Without an expansion of Gazprom's capacity to supply more gas to Europe, the chances of a future European energy crisis are greatly increased. At the same time, the stronger Gazprom is, the greater its potential leverage over European policies. Moreover, a decrease in gas exports could mean budget shortfalls for Russia, since a large slice of the state budget comes from Gazprom's taxes, which are paid for by gas sales to Europe.
Neil Thomas, head of European energy research for Wood Mackenzie, told Platts news service in 2003 that a new study has forecast that Europe will be 60 percent dependent on imported gas by 2015, compared with 40 percent currently. And much of this gas must come from Russia.
Europe currently imports about 160 billion cubic meters per year from Russia. By 2015, volumes could reach 300 billion cubic meters, equivalent to 40 percent of overall European demand.
Apparently, Putin has mastered Lenin's axiom of combining internal and external policy goals. The addition of Gazpromneft, with or without Yuganskneftegaz, could turn the notoriously opaque Gazprom, into a much more "powerful political lever" than anyone has imagined.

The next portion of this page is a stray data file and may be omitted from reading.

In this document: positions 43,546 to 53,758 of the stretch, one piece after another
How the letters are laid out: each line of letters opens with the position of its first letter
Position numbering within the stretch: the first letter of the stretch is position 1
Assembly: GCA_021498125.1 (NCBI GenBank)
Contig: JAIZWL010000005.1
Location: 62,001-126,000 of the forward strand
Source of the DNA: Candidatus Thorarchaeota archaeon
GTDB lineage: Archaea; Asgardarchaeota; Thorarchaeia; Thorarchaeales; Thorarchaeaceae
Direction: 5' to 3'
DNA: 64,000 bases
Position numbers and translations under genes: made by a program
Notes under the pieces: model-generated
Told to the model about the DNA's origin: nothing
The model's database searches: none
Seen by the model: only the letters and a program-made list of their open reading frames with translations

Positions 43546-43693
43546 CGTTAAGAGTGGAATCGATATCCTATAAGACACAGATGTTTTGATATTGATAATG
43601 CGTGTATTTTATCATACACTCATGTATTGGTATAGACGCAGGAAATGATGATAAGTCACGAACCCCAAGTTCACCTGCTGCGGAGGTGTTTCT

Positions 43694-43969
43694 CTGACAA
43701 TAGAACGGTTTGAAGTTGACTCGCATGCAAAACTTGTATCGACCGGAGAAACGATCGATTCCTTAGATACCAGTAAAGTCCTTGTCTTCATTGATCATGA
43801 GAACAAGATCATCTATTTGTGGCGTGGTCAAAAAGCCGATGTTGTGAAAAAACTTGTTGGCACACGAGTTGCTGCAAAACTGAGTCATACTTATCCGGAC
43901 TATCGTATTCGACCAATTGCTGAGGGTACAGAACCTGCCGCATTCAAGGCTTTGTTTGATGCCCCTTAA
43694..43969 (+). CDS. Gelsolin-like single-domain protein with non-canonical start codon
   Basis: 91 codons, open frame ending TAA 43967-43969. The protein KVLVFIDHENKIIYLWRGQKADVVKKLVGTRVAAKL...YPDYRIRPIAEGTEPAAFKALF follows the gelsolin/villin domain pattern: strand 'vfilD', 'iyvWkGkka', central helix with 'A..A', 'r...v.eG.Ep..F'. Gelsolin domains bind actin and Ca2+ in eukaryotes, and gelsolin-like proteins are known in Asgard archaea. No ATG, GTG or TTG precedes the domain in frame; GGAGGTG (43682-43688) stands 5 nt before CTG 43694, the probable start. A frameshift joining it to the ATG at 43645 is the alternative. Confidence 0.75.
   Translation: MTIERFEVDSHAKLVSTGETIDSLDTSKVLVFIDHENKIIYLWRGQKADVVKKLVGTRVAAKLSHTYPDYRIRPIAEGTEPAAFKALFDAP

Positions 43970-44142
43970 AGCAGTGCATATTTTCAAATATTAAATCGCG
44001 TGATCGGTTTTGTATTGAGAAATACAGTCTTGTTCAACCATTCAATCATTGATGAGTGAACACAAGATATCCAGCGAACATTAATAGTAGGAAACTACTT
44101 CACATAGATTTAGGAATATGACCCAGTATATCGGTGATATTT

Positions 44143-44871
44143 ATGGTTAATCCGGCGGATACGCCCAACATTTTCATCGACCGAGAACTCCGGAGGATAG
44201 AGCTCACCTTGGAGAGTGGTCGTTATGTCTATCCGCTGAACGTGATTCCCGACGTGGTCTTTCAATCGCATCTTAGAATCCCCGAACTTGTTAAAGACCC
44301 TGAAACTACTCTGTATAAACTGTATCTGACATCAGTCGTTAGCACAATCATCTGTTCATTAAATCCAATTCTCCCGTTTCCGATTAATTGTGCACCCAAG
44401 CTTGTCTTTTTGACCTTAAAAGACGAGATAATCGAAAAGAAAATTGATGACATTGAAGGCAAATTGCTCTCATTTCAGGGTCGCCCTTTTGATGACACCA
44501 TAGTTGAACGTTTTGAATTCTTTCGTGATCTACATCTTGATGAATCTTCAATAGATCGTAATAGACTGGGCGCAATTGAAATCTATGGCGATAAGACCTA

NEW RIGHTS COUNCIL SPARKS DEBATE ABOUT COOPTATION
By Catherine A. Fitzpatrick
The Kremlin's 9 November announcement of a newly reorganized presidential human rights council has opened up a long-standing debate within the Russian human rights movement and abroad about the nature of President Vladimir Putin's intentions and the efficacy of such quasi-official bodies in what is perceived by many to be a worsening human rights climate.
Putin's decree reorganizes his Human Rights Commission into the Council for the Development of Civil Society Institutions and Human Rights, "Kommersant-Daily" reported on 10 November. Ella Pamfilova, chairwoman of the commission, will head the new council.